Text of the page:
String of Recent Scandals Rocking Higher Education Demonstrates Yet Again How USC Has Lost Its Way; Tent City to Focus on Ground-Level Effects of Destructive Policies Perpetuated at USC and the Urgent Need for a New Direction from Incoming President
LOS ANGELES—A broad coalition of students, academia, and various Los Angeles community groups will erect a Tent City near the University of Southern California (USC) campus’ Trousdale Parkway entrance at this weekend’s “Los Angeles Times-USC Festival of Books.” The coalition will demand immediate accountability from USC leadership for their fundamental role in perpetuating gentrification, displacement, and income inequality in Los Angeles. The Tent City is expected to remain at USC until the coalition’s demands are met.
WHO: USC Forward, Clergy & Laity United for Economic Justice (CLUE), the Alliance of Californians for Community Empowerment (ACCE), the LA Tenants Union, the Southern Christian Leadership Conference (SCLC), SEIU 721, USC students and other concerned faculty
WHAT: Tent City on the edge of the “Los Angeles Times-USC Festival of Books”
WHEN: Sat., Apr. 13, 2019 at starting at Noon
WHERE: USC Entrance, (At West Jefferson Blvd. and Trousdale Pkwy.), Los Angeles, CA 90037
BACKGROUND: USC has lost its way. Instead of being an institution of higher learning focused on values that serve to strengthen their student body and ultimately benefit communities in Southern California, USC is now a source of non-stop scandals ranging from high-level staff allegedly accepting admission bribes and on-campus drug use by the medical school dean to the cover up of decades of alleged sexual assault on students by a USC gynecologist.
Aside from the recent admissions scandals currently making headlines, USC has become a source of greedy policies that are hurting everyone—including students, faculty, local business and residents in the surrounding community. USC continues to drive the widening gap of income inequality in Los Angeles through skyrocketing tuition, bloated administrative salaries, and unnecessary and costly infrastructure projects that are driving long-time residents out of their homes.
With an endowment of $5.5 billion and assets totaling over $9 billion, the University has the resources and capacity to be a good neighbor in South LA, and to pay their fair share to support the vital public services that residents rely on.
Indeed, instead of real investment in the graduate workers and faculty responsible for student learning or in the neighborhoods nearby, the university has continued to dump money into lavish infrastructure projects and administrative salaries. USC faculty and graduate workers struggle with contingent, part-time work for low pay along with rampant workplace issues – including alleged sexual harassment and intimidation and retaliation toward those involved in organizing efforts. Moreover, USC’s continued development push in South Los Angeles has disrupted the neighborhood around the university, pushing lifelong residents in the surrounding area out of their homes and placing an immense strain on both city and county resources.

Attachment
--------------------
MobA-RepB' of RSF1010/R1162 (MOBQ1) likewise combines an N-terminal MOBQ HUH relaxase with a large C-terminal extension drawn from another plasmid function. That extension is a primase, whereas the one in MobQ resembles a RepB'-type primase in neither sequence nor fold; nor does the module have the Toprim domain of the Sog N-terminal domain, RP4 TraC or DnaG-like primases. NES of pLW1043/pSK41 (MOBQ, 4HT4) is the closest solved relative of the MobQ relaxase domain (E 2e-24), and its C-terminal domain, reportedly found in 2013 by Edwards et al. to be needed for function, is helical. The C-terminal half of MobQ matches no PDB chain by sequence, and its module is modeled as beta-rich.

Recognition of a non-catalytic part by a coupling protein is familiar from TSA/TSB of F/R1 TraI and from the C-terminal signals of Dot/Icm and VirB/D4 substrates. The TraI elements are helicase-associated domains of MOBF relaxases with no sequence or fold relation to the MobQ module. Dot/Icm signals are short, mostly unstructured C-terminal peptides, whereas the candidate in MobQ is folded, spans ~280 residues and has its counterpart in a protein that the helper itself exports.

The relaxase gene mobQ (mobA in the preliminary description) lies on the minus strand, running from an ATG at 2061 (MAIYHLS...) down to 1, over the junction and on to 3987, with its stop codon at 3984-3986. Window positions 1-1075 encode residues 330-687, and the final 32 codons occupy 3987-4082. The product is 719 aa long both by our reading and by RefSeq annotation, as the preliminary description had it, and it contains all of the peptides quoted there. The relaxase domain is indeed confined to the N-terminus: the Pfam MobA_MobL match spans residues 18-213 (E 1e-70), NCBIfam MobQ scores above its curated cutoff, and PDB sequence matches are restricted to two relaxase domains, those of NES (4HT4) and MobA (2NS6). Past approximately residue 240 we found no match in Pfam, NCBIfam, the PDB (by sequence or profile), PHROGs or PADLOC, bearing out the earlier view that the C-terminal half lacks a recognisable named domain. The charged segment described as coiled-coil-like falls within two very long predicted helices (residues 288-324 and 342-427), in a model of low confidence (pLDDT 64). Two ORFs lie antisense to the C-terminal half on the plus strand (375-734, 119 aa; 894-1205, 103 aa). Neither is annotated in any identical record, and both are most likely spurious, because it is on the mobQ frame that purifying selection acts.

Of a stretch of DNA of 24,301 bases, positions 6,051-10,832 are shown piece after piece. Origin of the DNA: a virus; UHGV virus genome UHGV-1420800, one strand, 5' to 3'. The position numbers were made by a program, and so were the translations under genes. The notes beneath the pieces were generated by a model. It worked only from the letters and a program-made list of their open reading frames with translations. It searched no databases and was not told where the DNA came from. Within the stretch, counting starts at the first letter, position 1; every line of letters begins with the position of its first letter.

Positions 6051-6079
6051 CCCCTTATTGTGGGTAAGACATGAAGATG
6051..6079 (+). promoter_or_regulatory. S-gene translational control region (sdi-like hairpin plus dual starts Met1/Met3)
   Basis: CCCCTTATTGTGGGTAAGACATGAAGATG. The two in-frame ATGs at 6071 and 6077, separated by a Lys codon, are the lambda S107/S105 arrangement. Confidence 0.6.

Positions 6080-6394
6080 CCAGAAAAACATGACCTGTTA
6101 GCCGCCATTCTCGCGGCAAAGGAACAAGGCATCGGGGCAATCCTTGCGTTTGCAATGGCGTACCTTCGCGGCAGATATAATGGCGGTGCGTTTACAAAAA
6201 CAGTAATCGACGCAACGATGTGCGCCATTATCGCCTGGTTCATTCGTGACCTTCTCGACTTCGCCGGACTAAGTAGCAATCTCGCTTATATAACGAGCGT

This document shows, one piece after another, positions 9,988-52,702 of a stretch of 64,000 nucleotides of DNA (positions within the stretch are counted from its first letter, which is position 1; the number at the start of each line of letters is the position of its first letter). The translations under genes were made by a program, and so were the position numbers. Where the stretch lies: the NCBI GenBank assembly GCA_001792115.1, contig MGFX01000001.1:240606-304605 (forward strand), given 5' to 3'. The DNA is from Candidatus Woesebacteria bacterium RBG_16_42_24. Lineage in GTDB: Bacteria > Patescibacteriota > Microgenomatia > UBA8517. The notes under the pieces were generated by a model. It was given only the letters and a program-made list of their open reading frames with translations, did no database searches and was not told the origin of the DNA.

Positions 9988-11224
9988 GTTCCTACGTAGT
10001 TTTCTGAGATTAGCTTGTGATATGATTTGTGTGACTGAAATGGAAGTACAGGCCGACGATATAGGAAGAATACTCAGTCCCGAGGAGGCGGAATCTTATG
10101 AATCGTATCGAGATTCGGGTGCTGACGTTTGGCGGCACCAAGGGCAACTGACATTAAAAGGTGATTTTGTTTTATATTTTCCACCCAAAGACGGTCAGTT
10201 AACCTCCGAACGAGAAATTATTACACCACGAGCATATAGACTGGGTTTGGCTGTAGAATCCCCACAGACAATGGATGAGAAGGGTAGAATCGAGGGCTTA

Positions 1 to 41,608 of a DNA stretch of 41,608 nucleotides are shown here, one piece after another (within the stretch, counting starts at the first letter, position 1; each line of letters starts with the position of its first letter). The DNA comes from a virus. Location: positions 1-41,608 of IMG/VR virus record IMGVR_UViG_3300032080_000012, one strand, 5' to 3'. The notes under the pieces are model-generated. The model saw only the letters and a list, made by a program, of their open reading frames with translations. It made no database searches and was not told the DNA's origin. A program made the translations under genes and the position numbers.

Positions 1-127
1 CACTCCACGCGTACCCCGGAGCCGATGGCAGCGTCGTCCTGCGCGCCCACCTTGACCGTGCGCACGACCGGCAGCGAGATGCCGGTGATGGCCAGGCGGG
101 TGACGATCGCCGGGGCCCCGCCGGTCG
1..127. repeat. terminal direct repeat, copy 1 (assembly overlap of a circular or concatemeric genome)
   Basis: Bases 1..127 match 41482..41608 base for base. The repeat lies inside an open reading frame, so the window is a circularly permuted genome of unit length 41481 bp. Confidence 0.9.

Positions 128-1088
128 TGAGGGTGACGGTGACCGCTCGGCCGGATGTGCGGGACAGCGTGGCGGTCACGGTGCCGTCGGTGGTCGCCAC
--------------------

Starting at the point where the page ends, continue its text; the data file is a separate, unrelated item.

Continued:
USC is one of the nation’s premier private research universities and the largest private employer in Los Angeles County. The institution has the resources and capacity to make drastic improvements to the quality of life for its employees while simultaneously behaving as a responsible neighbor in South Los Angeles. Yet under the leadership of former USC President C.L. Max Nikias, the university consistently failed to do so.
“USC is a global leader in academic achievement but it is also a citadel of profit in higher education,” said Bob Schoonover, President of SEIU Local 721, a key part of the coalition creating the Tent City this week. “As a great power in this town, USC has a great responsibility to its students, to its employees and to the surrounding community. That means paying attention when USC’s neighbors are mercilessly kicked out of their homes to make way for more luxury housing that nobody in South L.A. can afford, but which USC’s civic leaders insist we keep building. That means taking immediate, effective action to ensure that the USC campus is free from sexual harassment and assault. That means paying living wages to USC’s employees – something that is certainly within reach for a university sitting on a $5.5 billion endowment and over $9 billion in assets. And that means respecting the rights of USC graduate workers and faculty to collectively organize. It’s long past time for USC to begin ridding itself of its reputation as a bad neighbor, bad employer, and bad leader. We demand a real investment in student learning. We demand a real investment in the surrounding community. We demand accountability now – and we will fight until we get it.”
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